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At the markets, fairs and shows, plan to spend some time. Get there early, and look at everything. No doubt there will be some things that strike your fancy... keep it in the back of your mind. (After all, you do have to like what you create!) But pay attention to what other people are buying. Go with the idea in mind to actively look at what other people walk out with in their hands. (You may find it easier to focus on this if you leave your money at home!) Use a notebook, or keep mental notes of what type and style of products you notice have been selling the most. Watch to see what sells. Walk around and look at every detail. Then, go back later to see what is missing from each booth.
You may want to keep a small notebook in your purse... find a spot you can be alone for a few minutes and draw pictures of the items you particularly liked. Write down what it was about it that made it different and attractive to you. Or why you think it was attractive to everyone else. If youíre brave, ask someone why they bought a particular item. Let them know you are a crafter looking for new ideas, and you simply want to know what it was about the item they purchased which made it attractive to them. Iíve found many people are flattered that you think their purchase was special, and they are happy to tell you.
If you intend to create items for an upcoming holiday, remember to start at least six months in advance. Most shops which purchase crafts will want to reserve their inventory at least 4 to 5 months in advance. Be prepared. If you are selling your crafts at a show or fair, you can start a little later and still develop a good inventory. Looking through the ad pages of various types of home decorating magazines will also give you somewhat of an idea as to the market trends. Check back a minimum of six issues in popular decorating and crafting magazines (your library is a great place to spend an entire day doing this research) and look for items which have been continuously advertised in at least four consecutive issues. These are items which are selling well, and producing a profit for their creator. If you donít see country ducks for sale, or crocheted doll dresses, donít make them. Yours wonít sell either. The editorial and feature pages of the magazines can also spark ideas for you, even if the decor is not your particular style. The more open you are to different sources of ideas, the more ideas you will get.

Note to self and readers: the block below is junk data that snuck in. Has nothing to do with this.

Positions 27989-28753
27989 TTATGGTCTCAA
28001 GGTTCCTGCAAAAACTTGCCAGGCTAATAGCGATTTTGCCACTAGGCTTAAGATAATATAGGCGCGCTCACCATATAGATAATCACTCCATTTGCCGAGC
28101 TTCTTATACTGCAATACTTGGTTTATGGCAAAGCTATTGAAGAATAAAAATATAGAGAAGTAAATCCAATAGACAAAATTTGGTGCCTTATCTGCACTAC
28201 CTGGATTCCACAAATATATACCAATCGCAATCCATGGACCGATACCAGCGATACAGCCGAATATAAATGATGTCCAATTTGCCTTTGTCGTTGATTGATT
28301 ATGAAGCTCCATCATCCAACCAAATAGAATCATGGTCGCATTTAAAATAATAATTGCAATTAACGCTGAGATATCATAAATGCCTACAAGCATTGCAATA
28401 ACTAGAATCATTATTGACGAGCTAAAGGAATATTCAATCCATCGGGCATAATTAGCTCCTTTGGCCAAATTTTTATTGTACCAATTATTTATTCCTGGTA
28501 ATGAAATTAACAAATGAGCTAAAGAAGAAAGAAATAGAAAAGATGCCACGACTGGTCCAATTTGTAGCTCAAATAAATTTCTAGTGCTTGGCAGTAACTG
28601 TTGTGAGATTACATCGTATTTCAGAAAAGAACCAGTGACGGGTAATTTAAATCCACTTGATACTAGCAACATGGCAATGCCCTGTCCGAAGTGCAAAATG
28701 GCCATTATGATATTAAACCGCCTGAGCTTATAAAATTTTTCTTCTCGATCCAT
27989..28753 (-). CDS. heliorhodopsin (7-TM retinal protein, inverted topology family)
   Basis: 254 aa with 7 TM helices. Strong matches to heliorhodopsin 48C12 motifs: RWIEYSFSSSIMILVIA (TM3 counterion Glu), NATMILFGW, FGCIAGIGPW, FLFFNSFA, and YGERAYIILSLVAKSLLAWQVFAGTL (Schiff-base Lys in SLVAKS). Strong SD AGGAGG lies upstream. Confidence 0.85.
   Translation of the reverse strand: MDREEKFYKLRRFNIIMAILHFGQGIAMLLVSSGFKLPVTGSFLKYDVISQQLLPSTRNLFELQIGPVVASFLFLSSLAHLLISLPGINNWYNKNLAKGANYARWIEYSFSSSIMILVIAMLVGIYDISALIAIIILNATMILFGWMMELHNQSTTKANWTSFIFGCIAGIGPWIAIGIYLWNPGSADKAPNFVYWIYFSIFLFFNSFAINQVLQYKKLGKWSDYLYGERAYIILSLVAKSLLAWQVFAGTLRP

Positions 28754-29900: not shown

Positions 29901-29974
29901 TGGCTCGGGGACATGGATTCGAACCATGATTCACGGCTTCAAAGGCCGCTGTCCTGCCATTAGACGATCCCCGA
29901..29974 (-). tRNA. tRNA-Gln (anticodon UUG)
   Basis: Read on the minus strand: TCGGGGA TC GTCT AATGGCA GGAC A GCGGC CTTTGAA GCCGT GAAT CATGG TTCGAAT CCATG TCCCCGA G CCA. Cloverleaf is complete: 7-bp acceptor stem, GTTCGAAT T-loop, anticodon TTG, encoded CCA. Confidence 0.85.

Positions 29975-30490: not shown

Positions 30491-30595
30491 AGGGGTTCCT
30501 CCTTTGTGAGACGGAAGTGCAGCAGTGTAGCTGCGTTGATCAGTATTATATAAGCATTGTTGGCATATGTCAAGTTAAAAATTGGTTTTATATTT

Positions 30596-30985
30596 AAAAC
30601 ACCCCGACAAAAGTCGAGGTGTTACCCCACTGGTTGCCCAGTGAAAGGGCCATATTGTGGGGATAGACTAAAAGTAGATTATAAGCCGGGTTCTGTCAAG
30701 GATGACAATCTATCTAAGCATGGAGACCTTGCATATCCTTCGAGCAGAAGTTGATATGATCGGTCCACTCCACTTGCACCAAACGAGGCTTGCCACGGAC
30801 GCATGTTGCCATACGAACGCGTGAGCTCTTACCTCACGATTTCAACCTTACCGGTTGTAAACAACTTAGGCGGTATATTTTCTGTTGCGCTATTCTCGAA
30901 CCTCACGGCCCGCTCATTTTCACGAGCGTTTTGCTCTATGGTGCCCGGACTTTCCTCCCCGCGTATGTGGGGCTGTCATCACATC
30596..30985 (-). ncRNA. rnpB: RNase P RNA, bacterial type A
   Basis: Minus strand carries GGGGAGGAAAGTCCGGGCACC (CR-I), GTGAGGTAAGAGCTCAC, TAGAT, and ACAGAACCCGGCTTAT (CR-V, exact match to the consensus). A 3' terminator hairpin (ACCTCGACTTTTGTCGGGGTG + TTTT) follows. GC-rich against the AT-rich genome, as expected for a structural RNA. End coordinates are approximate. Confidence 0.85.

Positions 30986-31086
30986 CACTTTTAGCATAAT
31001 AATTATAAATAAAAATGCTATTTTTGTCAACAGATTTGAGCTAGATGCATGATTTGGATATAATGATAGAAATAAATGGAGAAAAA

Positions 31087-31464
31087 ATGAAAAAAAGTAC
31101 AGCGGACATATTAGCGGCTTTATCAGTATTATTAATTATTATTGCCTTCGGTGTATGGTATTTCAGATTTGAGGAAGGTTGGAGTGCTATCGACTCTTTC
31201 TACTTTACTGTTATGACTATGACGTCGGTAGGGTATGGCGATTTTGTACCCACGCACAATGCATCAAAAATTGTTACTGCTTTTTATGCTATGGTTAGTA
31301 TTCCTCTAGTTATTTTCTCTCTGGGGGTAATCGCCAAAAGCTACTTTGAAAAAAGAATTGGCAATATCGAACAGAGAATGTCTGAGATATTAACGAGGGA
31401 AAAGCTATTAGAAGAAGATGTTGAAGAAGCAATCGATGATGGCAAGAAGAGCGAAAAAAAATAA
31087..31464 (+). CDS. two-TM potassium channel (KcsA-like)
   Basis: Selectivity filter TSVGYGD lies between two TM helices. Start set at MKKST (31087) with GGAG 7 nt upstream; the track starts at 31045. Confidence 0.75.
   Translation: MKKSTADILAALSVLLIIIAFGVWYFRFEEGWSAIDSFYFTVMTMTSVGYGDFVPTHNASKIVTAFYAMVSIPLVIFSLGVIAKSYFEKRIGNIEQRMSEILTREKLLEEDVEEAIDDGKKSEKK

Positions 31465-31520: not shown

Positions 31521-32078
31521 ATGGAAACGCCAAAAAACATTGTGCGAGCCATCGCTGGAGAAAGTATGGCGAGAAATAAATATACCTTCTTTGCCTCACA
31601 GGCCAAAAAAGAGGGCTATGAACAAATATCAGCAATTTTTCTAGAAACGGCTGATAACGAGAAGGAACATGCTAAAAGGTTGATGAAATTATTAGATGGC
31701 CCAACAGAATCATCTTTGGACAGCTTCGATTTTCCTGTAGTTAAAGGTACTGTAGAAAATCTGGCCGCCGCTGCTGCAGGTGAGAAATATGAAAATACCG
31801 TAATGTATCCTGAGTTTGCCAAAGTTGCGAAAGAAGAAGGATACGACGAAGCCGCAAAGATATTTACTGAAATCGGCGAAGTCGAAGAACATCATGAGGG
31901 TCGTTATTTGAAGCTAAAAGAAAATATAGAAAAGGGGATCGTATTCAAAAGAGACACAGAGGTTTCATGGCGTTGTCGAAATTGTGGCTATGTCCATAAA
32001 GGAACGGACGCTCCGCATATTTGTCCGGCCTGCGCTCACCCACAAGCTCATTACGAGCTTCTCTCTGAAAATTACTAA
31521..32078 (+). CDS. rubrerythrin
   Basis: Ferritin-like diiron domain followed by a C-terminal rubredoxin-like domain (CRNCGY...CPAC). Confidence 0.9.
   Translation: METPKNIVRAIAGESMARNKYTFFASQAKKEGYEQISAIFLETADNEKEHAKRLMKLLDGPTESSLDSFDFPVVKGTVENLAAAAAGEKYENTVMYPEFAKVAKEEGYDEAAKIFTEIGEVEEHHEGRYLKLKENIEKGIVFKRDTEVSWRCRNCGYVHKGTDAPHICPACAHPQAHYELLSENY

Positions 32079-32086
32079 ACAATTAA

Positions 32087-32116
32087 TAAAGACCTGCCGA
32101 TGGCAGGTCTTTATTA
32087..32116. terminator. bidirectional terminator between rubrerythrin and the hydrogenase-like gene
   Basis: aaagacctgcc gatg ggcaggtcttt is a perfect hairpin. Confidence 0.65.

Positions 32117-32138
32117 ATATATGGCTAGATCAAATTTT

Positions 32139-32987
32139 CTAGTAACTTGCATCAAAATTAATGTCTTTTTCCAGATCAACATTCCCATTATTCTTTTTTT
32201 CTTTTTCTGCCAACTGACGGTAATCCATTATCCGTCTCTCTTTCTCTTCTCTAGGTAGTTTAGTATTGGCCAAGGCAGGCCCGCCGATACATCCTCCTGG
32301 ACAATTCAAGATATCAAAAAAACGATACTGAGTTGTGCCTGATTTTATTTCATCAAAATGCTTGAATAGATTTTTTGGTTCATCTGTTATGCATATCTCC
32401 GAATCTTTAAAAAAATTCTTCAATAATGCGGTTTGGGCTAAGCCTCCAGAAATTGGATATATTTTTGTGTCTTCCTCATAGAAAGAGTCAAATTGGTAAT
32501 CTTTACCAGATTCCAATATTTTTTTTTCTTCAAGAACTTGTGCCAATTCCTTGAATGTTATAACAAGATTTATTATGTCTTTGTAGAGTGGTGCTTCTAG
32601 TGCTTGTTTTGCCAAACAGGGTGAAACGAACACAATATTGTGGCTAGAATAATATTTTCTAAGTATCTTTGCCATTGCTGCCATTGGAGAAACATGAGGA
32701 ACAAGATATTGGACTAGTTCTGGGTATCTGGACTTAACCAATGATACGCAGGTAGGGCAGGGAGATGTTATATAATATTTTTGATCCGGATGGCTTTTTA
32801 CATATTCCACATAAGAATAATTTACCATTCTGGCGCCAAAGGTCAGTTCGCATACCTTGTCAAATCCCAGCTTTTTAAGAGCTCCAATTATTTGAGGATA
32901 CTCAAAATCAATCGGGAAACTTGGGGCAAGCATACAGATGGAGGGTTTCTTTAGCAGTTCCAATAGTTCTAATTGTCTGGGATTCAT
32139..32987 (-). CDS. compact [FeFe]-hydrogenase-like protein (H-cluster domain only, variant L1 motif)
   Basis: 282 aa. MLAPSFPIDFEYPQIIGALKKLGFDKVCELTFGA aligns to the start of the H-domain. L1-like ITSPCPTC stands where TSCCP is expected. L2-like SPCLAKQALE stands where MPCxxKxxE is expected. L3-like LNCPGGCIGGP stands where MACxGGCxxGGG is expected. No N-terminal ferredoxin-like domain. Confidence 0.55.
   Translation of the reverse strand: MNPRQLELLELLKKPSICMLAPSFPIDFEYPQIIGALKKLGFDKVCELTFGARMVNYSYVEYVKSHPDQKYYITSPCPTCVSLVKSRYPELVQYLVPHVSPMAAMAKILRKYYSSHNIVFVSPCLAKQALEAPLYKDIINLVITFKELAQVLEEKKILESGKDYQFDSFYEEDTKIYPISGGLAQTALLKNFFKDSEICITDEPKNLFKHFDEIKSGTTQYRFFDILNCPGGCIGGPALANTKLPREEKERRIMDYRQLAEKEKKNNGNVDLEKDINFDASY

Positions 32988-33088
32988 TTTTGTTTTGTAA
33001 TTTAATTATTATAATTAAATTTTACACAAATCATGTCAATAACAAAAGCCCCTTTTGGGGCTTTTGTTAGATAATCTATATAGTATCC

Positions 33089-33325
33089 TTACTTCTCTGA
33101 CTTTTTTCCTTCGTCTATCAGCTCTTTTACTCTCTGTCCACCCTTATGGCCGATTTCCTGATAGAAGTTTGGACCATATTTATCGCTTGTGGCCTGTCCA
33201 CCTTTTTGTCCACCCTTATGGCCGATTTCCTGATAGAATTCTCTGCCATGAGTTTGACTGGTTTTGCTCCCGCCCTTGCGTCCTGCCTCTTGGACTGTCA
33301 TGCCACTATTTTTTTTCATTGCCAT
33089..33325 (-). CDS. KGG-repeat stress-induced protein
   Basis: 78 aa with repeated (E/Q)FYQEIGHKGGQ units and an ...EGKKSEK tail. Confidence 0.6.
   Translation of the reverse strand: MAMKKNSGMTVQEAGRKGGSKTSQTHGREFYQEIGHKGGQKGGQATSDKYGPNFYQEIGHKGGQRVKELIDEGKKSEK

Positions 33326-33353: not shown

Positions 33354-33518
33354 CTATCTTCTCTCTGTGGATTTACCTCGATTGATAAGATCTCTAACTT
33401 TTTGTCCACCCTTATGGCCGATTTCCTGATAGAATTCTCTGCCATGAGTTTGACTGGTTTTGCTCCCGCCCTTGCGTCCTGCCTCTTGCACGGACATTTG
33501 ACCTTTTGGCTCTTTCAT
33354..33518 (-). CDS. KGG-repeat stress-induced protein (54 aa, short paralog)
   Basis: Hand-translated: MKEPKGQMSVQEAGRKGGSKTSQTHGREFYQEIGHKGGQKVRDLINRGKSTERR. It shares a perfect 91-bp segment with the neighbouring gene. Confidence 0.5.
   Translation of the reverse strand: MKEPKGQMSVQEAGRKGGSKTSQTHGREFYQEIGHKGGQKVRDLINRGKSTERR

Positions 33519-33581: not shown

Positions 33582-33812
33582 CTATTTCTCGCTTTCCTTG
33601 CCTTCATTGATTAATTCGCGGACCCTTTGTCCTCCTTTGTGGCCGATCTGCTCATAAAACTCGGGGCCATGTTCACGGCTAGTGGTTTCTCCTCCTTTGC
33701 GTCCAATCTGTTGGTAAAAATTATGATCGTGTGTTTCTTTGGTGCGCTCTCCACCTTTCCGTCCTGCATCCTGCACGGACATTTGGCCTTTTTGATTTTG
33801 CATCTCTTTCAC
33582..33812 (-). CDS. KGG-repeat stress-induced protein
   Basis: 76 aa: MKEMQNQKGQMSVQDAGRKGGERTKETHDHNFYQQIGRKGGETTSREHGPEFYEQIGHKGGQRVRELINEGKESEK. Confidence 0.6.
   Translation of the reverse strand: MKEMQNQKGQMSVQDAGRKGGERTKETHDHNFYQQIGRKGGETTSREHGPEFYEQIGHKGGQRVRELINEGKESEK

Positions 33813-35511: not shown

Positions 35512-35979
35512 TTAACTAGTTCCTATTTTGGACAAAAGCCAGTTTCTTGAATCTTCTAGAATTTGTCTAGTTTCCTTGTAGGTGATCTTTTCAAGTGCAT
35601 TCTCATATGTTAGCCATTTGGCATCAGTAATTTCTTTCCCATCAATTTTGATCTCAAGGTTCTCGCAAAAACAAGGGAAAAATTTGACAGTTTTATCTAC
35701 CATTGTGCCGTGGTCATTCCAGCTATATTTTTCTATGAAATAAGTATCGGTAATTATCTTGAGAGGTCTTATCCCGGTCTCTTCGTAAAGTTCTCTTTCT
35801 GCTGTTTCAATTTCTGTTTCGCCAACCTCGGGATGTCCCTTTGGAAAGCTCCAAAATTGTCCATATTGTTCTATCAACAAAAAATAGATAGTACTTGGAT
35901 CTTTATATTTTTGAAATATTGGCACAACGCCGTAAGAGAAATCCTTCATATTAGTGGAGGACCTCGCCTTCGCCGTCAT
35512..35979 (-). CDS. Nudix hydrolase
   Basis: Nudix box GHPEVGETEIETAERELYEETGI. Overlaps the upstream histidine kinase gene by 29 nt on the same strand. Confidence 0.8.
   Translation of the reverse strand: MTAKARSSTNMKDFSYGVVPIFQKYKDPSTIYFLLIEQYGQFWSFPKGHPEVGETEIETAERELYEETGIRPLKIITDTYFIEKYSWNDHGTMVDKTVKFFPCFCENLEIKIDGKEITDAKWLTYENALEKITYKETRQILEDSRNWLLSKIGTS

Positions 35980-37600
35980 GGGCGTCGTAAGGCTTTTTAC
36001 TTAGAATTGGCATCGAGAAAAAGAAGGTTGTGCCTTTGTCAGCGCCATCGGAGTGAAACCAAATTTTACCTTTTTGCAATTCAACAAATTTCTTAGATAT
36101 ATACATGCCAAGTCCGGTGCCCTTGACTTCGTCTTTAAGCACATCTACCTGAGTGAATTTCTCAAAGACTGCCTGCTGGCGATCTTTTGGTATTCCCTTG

Always be sure to tie in every idea with the colors that are trendy and popular. Itís helpful to subscribe to and keep on hand high-class decorating magazines, such as House Beautiful, and some of the others. They are definitely not "country style", but you should note that the principals of decorating used in these magazines are what is displayed in the homes pictured in the more popular country decorating magazines such as Country Living and Country Home. And eventually, the crafting magazines follow the lead of the country decorating magazines.
What you want to look for in these "classy" magazines is decorating trends. The trends will eventually filter down to the "country style", and eventually find themselves in the seasonal catalogs of the large home-decorating companies.... Speigel, Pennyís, and all the others. What you are looking for here is new trends of different aspects of decorating, (for instance, if you pick up any of those magazines now days you'll notice a trend of drapes being hung from near the ceiling instead of from the tip of the window... how long do you think it will take before a home with drapes hung that way is presented in Country Living?, as well as the colors which they feature in their home decor pages. The high-class, popular home decorating magazines will be the first places you will see the new trendy colors and decorative items. The magazines do dictate trends, and you will do well to follow their lead.
You can also accomplish this without waiting for your first orders of catalogs to arrive by walking through furniture shops, visiting a kitchen or home decorating department store. Go through some that are not necessarily "country" style, then through some that are. What seems fresh and new to you, and what seems like "old hat"? Notice the colors in the displays...
Put together all the information youíve gathered and determine your basics... target audience, product trends, basic style, colors, and price range. Now you must put these together and turn them into an original creation! You must sell what is trendy, and already selling on the market, but you also must in some way make it different, original, and new, if you want to attract attention and sales! Your next step is the hardest.
You must now take that idea, and concentrate on how you can offer it in a better design, with better quality, and at a better price. You can start out by combining certain detail touches on a few different similar products, and offering them all on your one product. Use the latest colors and newest textures. Look for a different supply material than what has been used before. Fit a square peg into a round hole. The bottom line is, after you have done all your research and culled all your ideas,
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